Netflix's Delhi Crime, Soni present a compassionate portait of India's police force, one that's rare but real
It took streaming platforms to flesh characters out of policemen and women but it should be seen as a welcome change
In a scene from Ivan Ayr’s Netflix film Soni, Soni played by Geetika Vidya Ohlan is dropped near her residence after dark, by her commanding IPS officer Kalpana. Before she goes in she asks a roadside vendor to prepare and pack an omelette, likely to be her dinner for the day. At home, the LPG cylinder has run out. In a scene from Richie Mehta’s Netflix series Delhi Crime, Policewoman Vimla Bharadwaj is seen heating her rotis on the bars of a room heater. In another scene, the station Chief Vinod Tiwari tells his wife he doesn’t have the time to sit and eat with her the food she has carried with herself to his office. At the centre of each of these scenes is the routine activity of consuming food, but behind the banality of something as periodic there is the struggle for time, space and at times even quality. This is a compassionate portrait of India’s police that we have rarely seen.
It is easy to understand why Bollywood loves to essay stories around the police. Firstly, the idea of actors as heroes helps propel the mythic labels of morality that the film industry has assigned to various real life roles – bahu, beta, maa etc etc. To the conservative backdrop of India, this mythologising has often served as a user manual. Secondly, the police force offers as much a fascinating insight into institutional decay as it offers the shortest moral route out of a sticky sociological problem. That is, we’d rather have the law be held than hold ourselves accountable to the law. If you look around and have lived long enough, the chances are good that you have at some point gloated about breaking a rule, or bypassing the law for one thing or the other. For a sociological system that prides itself on its brokenness and capacity to snake through the cracks, anything that seemingly puts it together must feel otherworldly, and eventually obligatory.
Third, and perhaps, the most subversive yet domineering reason to follow the story of the police is the crystalline emotions they evoke - passion or contempt. There is little scope to empathise, considering our cinema’s police officers rarely shed their uniform, or the baggage it comes with. Other than be squeezed by corrupt politicians or struggle with their lust of one kind or the other, these characters, if we can call them that, have rarely showcased a side that we can relate to. From food to the menace of traffic and travel, the things that make us human, or draw emotion have always seemed missing from a space that the police force indisputably share with those they police. Theirs has been a portrayal devoid of any compassion that has rarely ventured further than the moralising exercise that Indian cinema often is.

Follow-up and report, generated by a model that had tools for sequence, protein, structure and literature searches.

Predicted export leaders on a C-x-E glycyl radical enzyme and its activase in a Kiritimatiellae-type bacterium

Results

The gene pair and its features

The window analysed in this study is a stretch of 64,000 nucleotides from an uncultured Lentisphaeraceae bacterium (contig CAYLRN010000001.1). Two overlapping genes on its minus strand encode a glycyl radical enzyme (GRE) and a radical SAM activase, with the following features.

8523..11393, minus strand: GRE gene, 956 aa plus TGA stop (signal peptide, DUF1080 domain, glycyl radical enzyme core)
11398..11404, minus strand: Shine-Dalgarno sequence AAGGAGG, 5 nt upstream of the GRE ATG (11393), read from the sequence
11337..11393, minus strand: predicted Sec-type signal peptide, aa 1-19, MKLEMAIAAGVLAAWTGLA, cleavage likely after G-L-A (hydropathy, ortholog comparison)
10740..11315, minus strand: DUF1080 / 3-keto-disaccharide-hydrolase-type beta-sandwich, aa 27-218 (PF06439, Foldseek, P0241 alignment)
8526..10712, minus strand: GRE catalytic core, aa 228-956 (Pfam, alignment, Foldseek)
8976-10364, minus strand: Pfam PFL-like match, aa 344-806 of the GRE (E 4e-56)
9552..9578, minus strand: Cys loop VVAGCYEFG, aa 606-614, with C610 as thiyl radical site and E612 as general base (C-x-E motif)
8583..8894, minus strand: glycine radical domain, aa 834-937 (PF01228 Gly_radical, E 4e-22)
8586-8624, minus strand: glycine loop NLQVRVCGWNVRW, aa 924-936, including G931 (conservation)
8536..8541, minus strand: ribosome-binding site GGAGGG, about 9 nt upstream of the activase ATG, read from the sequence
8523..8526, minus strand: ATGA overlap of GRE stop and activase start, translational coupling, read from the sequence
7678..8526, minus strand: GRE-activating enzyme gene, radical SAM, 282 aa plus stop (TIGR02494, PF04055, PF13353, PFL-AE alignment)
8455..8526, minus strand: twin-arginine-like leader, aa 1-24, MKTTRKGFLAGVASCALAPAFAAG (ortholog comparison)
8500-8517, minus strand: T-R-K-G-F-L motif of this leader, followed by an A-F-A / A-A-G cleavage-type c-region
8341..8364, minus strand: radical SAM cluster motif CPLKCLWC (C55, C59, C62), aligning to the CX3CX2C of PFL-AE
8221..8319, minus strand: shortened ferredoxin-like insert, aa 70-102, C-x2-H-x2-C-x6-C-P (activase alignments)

We have come to expect things of the police, things we don’t even expect of ourselves. This moral lopsidedness has been as crafted as it has seeped into the bones of our culture. Amitabh Bachan’s Zanjeer (1973) and Deewar (1975) were pivotal in setting the scale for good and bad cops that Bollywood has until now pretty much played within. Good here means the kind of cop who is a crusader (Sarfarosh, Shool, Seher, Gangaajal etc) while bad is the kind who is corrupt but open to change (Khakee, Simmba etc). When they are not protagonists, the police is usually a device for either type. It is therefore hard to say that, with the exception of a few, any of these roles were actual characters – people with wants, wishes, lusts, desires, fears or habits that make them human, a little more than the side of coin they agree to call.
It took streaming platforms to flesh characters out of policemen and women but it should be seen as a welcome change. Even Sartaj from Sacred Games, though a moral plank, faces challenges we rarely associate with the force. In a scene his colleague apprehensively comments to a superior ‘he has gained weight’. In Delhi Crime, the cops struggle with petty issues like paying the dues of a police station, arranging marriages of their daughters. These aren’t so much as careers as they are choices people find themselves stuck with. Underpaid, but overworked, this is a side of the police force rarely essayed. Morality, the famed crusade for justice can after a point become an afterthought. It is a job that maybe no one else will do, and that is a blatant fact that both Soni and Delhi Crime embody with quiet dignity. This is the system, but look how paralysed it is, both Netflix creations are trying to say.
It is also rather ironic that while the Indian police has, for once, found an empathetic lens, an entire film universe that caricaturises and uploads a brazenly inhuman image of the force – Rohit Shetty’s Singham, Simmba etc – is doing so well. It tells us that the parodied image of the police continues to fascinate as much as it misinforms and obfuscates. No other arm of the law has perhaps been as narratively corrupted and disenfranchised of a trustable voice as any other. This insincerity, its convenient aspirations of good and bad, though not entirely baseless, have done more harm than good over the years.
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